• Vasto Commercial Block, Greek Revival style commercial structure built in the second wave of construction begun in the 1830s.
  • 241 Seneca Street

Then, turning right on Franklin Street are:

  • 105 Franklin Street, brick Bell Telephone building, contemporary style modern intrusion built in 1970.
  • 108 Franklin Street
112 Franklin St., with pilasters
  • 112 Franklin Street, first wave of construction near 1813
  • 113 Franklin Street, first wave of construction near 1813

Then, at Pleasant Street, beginning to the left and continuing to the right in an easterly direction are:

  • 211 Pleasant Street, a pilastered house with an off-center doorway and faced gable end to the street, built in the first wave of construction near 1813.
  • 213-25 Pleasant Street
  • 301 Pleasant Street
  • 305 Pleasant Street
  • 307 Pleasant Street
  • 309 Pleasant Street, Greek Revival style residence built in the second wave of construction begun in the 1830s.
  • 311 Pleasant Street, Greek Revival style residence built in the second wave of construction begun in the 1830s.
  • 304 Pleasant Street
  • 306 Pleasant Street, Greek Revival style residence built in the second wave of construction begun in the 1830s.
  • 308 Pleasant Street, Greek Revival style residence built in the second wave of construction begun in the 1830s.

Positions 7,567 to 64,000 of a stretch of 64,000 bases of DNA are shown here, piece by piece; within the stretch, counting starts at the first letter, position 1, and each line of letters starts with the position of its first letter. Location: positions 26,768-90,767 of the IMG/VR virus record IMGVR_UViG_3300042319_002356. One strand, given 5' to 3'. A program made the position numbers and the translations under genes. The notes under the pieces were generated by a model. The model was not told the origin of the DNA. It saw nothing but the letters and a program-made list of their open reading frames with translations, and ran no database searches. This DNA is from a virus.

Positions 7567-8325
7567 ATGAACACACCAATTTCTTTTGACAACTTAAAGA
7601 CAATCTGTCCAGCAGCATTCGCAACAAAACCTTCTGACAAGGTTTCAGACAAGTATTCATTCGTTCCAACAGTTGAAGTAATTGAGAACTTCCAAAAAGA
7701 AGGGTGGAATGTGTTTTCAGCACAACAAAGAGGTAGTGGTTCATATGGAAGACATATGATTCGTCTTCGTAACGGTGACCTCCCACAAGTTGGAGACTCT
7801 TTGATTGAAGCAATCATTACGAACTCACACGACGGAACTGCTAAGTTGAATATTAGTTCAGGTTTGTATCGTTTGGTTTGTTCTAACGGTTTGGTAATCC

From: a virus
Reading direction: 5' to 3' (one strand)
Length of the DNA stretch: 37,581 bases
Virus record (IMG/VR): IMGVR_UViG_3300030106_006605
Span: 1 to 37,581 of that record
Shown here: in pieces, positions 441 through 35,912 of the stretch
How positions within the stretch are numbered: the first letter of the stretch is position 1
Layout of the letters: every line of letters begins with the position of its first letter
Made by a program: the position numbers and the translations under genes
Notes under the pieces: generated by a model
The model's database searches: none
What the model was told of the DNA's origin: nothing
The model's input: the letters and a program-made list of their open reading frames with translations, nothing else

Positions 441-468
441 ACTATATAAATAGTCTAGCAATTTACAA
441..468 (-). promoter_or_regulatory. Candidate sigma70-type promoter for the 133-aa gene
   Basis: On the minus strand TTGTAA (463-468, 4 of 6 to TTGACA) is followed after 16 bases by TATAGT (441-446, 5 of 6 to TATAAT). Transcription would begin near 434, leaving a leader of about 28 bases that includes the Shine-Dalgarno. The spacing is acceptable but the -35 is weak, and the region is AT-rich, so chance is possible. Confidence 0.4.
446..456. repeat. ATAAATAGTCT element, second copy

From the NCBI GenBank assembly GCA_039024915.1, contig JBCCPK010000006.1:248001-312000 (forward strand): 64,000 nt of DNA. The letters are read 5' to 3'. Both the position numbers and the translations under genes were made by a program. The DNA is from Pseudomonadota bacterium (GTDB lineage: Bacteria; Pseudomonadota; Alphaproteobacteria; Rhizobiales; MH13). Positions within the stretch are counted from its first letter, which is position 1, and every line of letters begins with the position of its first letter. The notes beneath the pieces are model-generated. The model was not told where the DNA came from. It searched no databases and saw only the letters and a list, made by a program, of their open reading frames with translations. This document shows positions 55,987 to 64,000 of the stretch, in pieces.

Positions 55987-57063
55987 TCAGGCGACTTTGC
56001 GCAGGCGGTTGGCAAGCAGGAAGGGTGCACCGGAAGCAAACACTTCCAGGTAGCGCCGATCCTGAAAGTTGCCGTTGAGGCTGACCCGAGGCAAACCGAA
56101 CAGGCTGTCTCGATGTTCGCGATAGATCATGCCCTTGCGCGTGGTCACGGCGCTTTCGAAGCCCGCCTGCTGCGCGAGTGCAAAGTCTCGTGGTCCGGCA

First Baptists Church, built in 1929

At Pleasant and North Street, turn right onto North Street: First Baptist Church, neo-Federal style brick church, built in 1929, at the corner of Pleasant Street

  • 117 North Street
  • 113 North Street, a pilastered house with an off-center doorway and faced gable end to the street, built in the first wave of construction near 1813
  • 106 North Street, no longer standing
  • 105 North Street, the Wattles-Van Schaak-Barnes House, with a fruited pediment and narrow pilasters connected by flattened arches, first wave of construction built near 1813, this one, like 314 Seneca Street, is a brick building with an oval window centered in its stepped gables and is three bays wide with two stories and one-story two bay wing.
Italianate house at 501 Pleasant Street (right) and its neighbor at 409 Pleasant Street

Returning to Pleasant Street and continuing East are:

  • 401 Pleasant Street
  • 405 Pleasant Street
  • 407 Pleasant Street
  • 409 Pleasant Street
  • 501 Pleasant Street, pilastered residence with centered front door and nearly flat roof, first wave of construction near 1813

Turning right on Clinton Street is:

  • 105 Clinton Street

All photos in this article are from December, 2009, unless otherwise noted.